• George I love your profile picture! One of my favorite movies. Was his name “screw-ball”, or “odd-ball” or something like that??? Anyhow I to have used the Aztek for years. Actually the Aztek was used on part of this build b/c the GREX was giving me issues and was waiting for parts to fix it. Then the AZTEK internal mechanisms came apart. I needed to snap open the whole body and try to fix it. I partially fixed it enough to do a basic paint job until it kept on breaking. Then Got parts for the GREX, it worked somewhat but was blowing paint back into body, but still used it until the Metal trigger arm snapped. SO got the IWATA. I cleaned it up last night with no issues. I think it is easy to clean based on the design, especially the quick cleaning methods between color changes is easier then other models I have used. Is there something I should know about it regarding cleaning problems? It seemed a fairly traditional breakdown??? You must try it! The action is so smooth and easy that it is the 1st time I used airbrush without a pre-set adjustment.

      • No problems I know of Paul. This is going to sound weird but I owned my Aztek for about 15 years before I got the courage to fire it up 3 years ago. It still takes me a few days to psych myself up enough to spray. Doing it right now in preparation to paint an RAF Fw 190. Back to your first question, his name was Oddball….woof woof!!

  3. That’s gonna turn out real nice….I can see it now. 🙂

  4. I still love my Paasche-H, been using it for 46 years (nothing original left, so I should not say I have been using “it”, but rather “been using that kind of airbrush”). I don’t use anything else. Just screw in a #1 tip and go have at it.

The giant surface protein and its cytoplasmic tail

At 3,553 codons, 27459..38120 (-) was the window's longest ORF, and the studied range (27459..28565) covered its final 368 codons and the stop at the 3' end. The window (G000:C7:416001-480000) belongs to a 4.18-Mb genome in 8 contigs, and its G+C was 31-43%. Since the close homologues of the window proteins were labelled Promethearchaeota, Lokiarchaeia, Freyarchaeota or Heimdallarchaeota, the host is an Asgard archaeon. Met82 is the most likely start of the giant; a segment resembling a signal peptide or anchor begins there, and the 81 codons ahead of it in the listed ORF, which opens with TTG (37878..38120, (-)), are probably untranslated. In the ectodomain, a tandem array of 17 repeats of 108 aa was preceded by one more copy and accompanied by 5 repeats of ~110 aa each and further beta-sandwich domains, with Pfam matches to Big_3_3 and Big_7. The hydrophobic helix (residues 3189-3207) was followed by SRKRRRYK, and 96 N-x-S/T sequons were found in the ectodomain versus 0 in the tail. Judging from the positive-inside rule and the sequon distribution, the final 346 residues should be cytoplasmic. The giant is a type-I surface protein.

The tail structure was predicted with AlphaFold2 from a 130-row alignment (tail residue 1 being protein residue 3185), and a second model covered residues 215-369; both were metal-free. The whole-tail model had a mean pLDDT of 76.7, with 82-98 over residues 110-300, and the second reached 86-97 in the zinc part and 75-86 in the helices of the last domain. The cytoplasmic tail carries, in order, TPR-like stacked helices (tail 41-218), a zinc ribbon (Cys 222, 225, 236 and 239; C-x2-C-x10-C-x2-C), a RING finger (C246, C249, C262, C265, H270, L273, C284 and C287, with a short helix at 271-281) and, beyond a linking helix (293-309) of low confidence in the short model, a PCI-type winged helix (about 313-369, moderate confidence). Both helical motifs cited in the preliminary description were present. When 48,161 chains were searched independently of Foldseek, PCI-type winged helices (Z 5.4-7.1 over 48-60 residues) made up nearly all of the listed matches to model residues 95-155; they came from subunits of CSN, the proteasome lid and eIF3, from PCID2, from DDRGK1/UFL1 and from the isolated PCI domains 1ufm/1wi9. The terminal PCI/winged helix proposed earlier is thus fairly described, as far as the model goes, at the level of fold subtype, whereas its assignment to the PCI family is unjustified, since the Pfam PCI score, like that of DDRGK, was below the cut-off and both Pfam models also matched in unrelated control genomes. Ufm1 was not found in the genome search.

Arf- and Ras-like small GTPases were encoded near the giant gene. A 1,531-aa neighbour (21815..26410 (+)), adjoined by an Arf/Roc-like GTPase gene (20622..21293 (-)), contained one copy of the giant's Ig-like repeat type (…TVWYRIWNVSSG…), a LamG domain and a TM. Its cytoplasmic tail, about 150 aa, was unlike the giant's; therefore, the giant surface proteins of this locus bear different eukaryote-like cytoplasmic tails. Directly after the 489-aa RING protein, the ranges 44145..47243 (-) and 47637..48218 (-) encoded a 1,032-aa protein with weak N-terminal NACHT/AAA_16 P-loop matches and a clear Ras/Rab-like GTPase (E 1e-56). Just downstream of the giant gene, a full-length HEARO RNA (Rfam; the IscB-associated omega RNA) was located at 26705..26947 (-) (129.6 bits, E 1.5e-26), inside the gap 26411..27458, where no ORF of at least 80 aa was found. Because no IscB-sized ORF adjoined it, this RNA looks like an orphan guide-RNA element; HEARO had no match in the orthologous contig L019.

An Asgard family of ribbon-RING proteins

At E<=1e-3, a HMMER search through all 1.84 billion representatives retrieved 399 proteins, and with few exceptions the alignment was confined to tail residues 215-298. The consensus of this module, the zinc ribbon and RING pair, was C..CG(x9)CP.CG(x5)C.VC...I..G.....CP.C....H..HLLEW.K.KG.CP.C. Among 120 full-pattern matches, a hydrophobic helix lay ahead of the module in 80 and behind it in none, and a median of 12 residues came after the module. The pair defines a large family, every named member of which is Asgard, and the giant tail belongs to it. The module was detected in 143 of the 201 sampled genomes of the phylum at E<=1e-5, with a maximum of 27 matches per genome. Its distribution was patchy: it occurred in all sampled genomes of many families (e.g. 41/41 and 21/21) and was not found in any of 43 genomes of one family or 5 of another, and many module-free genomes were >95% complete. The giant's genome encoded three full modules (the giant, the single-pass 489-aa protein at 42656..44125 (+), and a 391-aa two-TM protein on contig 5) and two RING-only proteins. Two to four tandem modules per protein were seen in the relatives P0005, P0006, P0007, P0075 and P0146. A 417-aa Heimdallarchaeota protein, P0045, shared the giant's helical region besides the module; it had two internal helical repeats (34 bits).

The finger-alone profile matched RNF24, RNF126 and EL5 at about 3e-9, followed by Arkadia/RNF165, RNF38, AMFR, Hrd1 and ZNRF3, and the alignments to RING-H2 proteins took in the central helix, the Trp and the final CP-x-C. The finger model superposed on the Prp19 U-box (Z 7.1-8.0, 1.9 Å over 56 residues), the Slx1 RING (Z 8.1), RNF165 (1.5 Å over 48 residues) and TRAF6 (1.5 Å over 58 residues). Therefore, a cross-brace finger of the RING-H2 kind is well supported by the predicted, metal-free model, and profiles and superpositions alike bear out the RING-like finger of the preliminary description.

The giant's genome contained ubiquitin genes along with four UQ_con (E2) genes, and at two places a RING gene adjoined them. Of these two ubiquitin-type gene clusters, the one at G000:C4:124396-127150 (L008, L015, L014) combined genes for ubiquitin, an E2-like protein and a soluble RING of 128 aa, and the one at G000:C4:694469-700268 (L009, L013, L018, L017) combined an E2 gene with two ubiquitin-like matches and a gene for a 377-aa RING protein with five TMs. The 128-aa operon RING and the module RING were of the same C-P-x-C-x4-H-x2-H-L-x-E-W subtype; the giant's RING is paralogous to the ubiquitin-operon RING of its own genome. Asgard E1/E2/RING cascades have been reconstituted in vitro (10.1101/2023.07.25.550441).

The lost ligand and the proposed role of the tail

5. In terms of technique this may be your best yet, Paul. Lots (and lots) of patience, trust in the equipment (and your skill), and steady nerve. Huge respect.

  6. Paul, I’m hoping you don’t mind me sticking an oar in. Not trying to add an opinion on the colours so much as just wanting to see some great photos. Well…ok, I will add an opinion. These photos do show that although ‘factory fresh’ aircraft are…oh, blah, blah, blah, let’s see some great aircraft pics.

    I know not all are from the exact theatre you are depicting, Paul, but some really show that modulation in colour that for me, you’ve nailed. Interesting weathering patterns and differences in shade and tone.

    — Image [pic9] not found —

    I’m sure you’ve seen most, if not all of these, but these pics really deserve a wide audience, especially in modeling terms.

  7. Hm…I’ts a bit of a harsh effect,regardles of scale, and I dont like the shade of the green, looks waaay to bright. Not sure where you’re going after this to blend it somehow.

  8. I appreciate you showing the technique for layering your paint. That’s great for us admirers. Now I have a new skill to work on. Thanks. And it is looking real good.

    David, thanks for the photos. I hadn’t seen most of them.

  9. Paul, I use Humbrol #102 with a couple drops of light gray to cut the “greenness”. The color varied as evidenced by David’s photos. Take your pick.

    2 attached images. Click to enlarge.

  10. Love the technique – I’ve just taken up an airbrush for the first time, and not sure I’m up for that much effort yet – but some day soon…! Love the results you’re getting, and I like to shoot for realism, so at some point I’ll come back to posts like this for tutoring!

  11. Looking good, Paul.So let me show my ignorance, dark slate grey is a shade of green? Does anyone know a close match in the dreaded rattle can?